For many, Aquaman remains a figure from Saturday-morning cartoons, like ABC’s 1970s and 1980’s “Super Friends” or CBS’ “Superman/Aquaman Hour of Adventure,” which ran in 1967 and 1968.

Those memories may hurt the character in his current incarnation, said Brad Ricca, author of 2013’s “Super Boys: The Amazing Adventures of Jerry Siegel and Joe Schuster, The Creators of Superman.” In the 1970s cartoons, he said, “Aquaman smiled and looked perfect while riding a giant seahorse and mentally bossing around happy whales. He was, quite plainly, just not as cool as Batman.”

DC’s Johns believes a better structure is now in place. “He became a little bit of a joke,” the comics executive said. “Suddenly, he was nobody’s favorite super hero.” Now, DC has set up major storylines in coming months that will cross his comic with its “Justice League” and has given the character prominent placement in videogames. And his comics contain jokey references to the hero’s past portrayals. “He’s a character that we talk quite a bit about.”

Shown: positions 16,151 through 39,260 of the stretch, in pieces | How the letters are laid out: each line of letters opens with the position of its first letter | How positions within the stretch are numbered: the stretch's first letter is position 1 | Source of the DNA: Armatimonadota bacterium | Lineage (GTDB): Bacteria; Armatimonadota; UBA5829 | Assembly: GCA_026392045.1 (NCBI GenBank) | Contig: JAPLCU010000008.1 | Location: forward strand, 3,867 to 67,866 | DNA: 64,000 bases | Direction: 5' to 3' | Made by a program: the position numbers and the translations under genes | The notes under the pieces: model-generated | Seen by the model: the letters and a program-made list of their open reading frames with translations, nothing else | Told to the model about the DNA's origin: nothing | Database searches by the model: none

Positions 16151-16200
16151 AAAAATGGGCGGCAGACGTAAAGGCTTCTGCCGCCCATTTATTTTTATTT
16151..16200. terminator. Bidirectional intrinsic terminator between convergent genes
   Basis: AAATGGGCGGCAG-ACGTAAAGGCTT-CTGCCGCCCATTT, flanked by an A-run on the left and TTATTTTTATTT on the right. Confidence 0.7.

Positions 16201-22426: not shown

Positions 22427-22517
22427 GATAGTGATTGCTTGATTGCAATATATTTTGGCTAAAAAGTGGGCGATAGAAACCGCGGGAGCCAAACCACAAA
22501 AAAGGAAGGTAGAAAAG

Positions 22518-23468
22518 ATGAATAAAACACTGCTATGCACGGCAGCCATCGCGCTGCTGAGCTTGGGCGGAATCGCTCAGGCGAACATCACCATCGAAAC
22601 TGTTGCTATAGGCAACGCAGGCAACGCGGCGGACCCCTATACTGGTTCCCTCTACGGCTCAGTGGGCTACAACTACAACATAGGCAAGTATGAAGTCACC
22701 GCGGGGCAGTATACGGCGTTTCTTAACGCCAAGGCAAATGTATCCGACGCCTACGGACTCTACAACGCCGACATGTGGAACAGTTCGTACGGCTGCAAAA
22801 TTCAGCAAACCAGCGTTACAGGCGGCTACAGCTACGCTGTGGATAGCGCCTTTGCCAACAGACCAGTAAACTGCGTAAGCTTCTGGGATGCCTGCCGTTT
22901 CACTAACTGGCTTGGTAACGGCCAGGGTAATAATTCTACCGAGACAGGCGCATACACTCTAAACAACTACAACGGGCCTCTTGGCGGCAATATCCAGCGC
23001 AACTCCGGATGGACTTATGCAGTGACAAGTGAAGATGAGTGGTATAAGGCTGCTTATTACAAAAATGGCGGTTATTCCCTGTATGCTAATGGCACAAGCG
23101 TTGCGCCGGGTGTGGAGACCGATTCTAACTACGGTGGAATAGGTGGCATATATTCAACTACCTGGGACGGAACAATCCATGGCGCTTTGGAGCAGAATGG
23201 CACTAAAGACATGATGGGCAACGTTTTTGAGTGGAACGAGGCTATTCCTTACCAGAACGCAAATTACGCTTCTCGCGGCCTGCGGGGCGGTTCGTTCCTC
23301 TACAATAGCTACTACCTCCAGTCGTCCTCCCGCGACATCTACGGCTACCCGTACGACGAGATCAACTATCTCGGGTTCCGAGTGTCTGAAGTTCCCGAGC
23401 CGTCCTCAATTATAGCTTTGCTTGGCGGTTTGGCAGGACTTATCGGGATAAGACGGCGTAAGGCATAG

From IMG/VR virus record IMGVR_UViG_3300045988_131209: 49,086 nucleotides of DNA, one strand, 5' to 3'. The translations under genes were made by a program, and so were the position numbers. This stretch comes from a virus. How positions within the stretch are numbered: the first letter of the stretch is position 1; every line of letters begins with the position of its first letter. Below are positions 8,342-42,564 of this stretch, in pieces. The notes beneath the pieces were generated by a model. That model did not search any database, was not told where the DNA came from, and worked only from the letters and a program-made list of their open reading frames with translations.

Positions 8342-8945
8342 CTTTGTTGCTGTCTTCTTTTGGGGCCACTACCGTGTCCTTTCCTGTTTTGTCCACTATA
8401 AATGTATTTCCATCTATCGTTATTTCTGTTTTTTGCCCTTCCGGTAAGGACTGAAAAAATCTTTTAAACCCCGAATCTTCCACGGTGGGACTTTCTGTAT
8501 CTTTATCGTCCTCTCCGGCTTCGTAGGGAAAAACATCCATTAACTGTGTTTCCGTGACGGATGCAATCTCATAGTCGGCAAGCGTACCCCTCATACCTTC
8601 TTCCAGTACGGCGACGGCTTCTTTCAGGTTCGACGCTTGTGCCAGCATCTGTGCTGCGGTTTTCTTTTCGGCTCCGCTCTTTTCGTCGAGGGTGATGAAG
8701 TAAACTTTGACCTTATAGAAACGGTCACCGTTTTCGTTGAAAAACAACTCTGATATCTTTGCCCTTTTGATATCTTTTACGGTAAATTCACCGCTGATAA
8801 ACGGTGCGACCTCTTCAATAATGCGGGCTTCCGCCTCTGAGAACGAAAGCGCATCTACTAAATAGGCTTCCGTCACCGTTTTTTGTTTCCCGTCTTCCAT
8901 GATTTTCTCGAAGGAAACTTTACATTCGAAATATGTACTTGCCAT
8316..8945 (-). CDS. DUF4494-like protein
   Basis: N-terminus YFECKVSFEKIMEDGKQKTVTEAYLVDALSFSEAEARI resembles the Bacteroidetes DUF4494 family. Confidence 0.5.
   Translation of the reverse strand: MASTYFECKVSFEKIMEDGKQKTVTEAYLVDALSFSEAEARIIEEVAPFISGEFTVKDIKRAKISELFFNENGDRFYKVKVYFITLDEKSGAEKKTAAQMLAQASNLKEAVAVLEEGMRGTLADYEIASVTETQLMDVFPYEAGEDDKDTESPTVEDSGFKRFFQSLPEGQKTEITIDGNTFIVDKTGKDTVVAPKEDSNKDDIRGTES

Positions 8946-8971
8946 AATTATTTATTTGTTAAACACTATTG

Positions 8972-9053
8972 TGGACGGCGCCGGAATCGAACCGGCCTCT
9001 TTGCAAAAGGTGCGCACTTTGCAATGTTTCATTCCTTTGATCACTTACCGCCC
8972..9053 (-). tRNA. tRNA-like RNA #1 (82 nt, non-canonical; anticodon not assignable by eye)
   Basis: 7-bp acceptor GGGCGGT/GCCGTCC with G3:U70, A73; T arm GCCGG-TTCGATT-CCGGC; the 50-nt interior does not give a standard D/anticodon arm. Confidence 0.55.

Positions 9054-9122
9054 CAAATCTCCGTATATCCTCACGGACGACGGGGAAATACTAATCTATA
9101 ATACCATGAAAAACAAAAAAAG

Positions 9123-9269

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  1. Domicius says:

    This article is Outrageous! Aquaman works fine!

  2. Dave says:

    Rumor has it Matt Damon is a contender for Aquaman.

  3. Jean Morel says:

    “network insiders” say the CW pilot was awful???? What? The pilot was so good Warner still went ahead and released and let it have rave reviews and chart-topping sales.

  4. Delsin Rowe says:

    Let’s do it. Aquaman deserves more attention.

  5. C thomas says:

    If they were brave and bold (pun.) they would all watch Blackfish and then go from that launch point. Aquaman could be quite a powerful hero were he to take on the ocean as his country! There’s a huge issue for Hollywood to tackle, not only environmental, but his own kingdom will be threatened by mans arrogant use of the planet.